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Motorcycles omitted from future report

E-transport report motorcycle omitted

Traditional and electric motorcycles have been omitted from a major academic report that claims to be a blueprint for future transport in Australia.

The Australian Academy of Technology and Engineering report, “Shifting Gears – Preparing for a Transport Revolution“, calls for the next Federal Government to provide incentives for electric and low-emissions vehicles.

However, there is not one mention of motorcycles or scooters, either electric or traditional.

We contacted the Academy to ask whether they had factored in electric and traditional motorcycles and scooters as well as e-bikes for their impact on future mobility?

“Good question,” they replied.

But no, they didn’t.

Omitted from future

The Last Motorcycle on Earth! panic omitted
Scene from the fictional film The Last Motorcycle on Earth!

This glaring omission neglects the virtues of two-wheeled mobility and its advantages for traffic flow and relieving the strain on parking and other infrastructure.

It also demonstrates how little regard authorities have for motorcycles and scooters and the coming tsunami of electric two-wheelers.

The omission may also be a portent for the possible future of motorcycles and scooters – nil!

In 2017, a group of American motorcycle industry luminaries, aptly called “Give a Shift”, released a report on the future of motorcycling saying bikes are in danger of being killed off by autonomous vehicles.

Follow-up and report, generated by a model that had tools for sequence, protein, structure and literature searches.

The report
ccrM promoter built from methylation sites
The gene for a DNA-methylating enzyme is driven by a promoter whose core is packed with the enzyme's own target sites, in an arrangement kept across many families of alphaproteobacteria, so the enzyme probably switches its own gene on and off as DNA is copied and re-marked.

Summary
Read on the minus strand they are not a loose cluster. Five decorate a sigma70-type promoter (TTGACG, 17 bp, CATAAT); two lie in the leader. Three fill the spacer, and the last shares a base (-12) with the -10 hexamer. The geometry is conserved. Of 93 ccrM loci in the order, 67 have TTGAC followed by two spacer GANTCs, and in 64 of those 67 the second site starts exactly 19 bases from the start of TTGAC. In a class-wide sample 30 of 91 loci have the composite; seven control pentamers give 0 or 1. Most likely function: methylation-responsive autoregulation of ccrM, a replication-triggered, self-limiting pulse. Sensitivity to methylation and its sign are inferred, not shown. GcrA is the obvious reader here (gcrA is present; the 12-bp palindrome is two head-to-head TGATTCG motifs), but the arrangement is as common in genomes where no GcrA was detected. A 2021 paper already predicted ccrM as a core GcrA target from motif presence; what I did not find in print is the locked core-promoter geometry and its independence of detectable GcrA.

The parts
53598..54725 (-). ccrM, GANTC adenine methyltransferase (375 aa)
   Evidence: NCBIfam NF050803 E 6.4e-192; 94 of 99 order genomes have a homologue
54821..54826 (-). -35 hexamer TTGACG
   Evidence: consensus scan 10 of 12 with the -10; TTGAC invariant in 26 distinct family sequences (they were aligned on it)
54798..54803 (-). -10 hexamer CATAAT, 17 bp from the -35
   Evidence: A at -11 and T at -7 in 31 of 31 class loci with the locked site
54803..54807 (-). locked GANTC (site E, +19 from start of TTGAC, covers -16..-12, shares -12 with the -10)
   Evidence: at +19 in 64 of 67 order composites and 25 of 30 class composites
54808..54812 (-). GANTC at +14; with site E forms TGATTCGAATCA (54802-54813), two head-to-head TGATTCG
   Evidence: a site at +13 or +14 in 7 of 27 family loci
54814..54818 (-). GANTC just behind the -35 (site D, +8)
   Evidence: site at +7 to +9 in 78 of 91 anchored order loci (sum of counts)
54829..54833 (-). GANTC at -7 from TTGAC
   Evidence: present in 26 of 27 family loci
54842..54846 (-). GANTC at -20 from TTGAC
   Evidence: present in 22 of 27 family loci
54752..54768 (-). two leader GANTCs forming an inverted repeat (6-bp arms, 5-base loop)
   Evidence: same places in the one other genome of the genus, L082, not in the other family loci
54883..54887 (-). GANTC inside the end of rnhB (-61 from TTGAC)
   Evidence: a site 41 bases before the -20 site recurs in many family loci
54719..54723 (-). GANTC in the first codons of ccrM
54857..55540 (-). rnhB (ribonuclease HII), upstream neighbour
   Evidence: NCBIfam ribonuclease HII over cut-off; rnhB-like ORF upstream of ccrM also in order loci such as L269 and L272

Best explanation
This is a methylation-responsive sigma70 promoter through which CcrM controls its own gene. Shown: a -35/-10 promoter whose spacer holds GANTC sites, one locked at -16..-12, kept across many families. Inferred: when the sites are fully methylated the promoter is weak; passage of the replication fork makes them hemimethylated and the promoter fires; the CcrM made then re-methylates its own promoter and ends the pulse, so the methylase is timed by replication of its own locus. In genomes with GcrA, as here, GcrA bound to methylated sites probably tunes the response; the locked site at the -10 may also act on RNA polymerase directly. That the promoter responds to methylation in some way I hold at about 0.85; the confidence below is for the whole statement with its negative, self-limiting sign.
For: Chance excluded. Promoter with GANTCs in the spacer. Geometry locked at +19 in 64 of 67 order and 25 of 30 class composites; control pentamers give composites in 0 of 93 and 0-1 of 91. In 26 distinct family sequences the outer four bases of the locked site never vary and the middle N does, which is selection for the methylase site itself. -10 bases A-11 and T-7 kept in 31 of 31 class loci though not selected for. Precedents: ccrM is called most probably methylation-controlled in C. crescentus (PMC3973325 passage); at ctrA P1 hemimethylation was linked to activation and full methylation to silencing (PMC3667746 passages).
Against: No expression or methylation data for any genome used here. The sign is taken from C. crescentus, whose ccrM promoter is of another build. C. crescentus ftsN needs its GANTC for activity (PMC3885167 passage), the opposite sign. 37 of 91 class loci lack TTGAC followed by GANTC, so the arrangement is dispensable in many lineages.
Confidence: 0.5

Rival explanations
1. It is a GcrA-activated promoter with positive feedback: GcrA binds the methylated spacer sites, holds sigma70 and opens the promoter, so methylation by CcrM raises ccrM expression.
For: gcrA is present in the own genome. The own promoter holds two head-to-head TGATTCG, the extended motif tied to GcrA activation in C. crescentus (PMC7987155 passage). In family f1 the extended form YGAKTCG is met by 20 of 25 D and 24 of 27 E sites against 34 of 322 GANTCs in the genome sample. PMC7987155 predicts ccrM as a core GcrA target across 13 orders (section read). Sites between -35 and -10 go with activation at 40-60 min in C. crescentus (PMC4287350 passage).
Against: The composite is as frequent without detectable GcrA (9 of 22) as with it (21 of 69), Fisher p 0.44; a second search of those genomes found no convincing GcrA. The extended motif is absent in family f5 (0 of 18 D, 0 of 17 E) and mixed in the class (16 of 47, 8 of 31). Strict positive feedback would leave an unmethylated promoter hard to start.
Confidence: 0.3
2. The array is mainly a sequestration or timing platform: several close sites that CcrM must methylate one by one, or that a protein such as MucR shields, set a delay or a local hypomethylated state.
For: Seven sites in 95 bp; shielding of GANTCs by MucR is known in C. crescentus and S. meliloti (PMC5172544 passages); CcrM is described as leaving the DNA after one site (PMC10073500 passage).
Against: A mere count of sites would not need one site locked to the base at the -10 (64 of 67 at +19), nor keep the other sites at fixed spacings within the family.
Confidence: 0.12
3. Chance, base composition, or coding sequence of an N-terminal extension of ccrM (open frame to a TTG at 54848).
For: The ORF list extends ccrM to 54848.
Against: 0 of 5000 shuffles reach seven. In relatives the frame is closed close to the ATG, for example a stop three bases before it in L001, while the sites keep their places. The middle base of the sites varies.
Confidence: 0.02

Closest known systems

As governments and safety nannies place their hopes in these autonomous vehicles, we wonder whether “dangerous” motorcycles will simply be banned as in the fictional film “The Last Motorcycle on Earth“.

Period of change

Academy spokesperson Kathryn Fagg says the rapid advance of technology was leading to “an extraordinary period of change”.

“With Australia’s geographic isolation and long distances between urban centres, the transport sector will be both significantly disrupted and revolutionised by this technological transformation,” she says. 

“Failure to be prepared will risk a decline in many aspects of our Australian way of life and society, including increased congestion and vehicle-related emissions, a deterioration in health, safety and security, and a negative impact on the cost of living, productivity and the ease of mobility.” 

And maybe the loss of our favourite pastime and form of transport!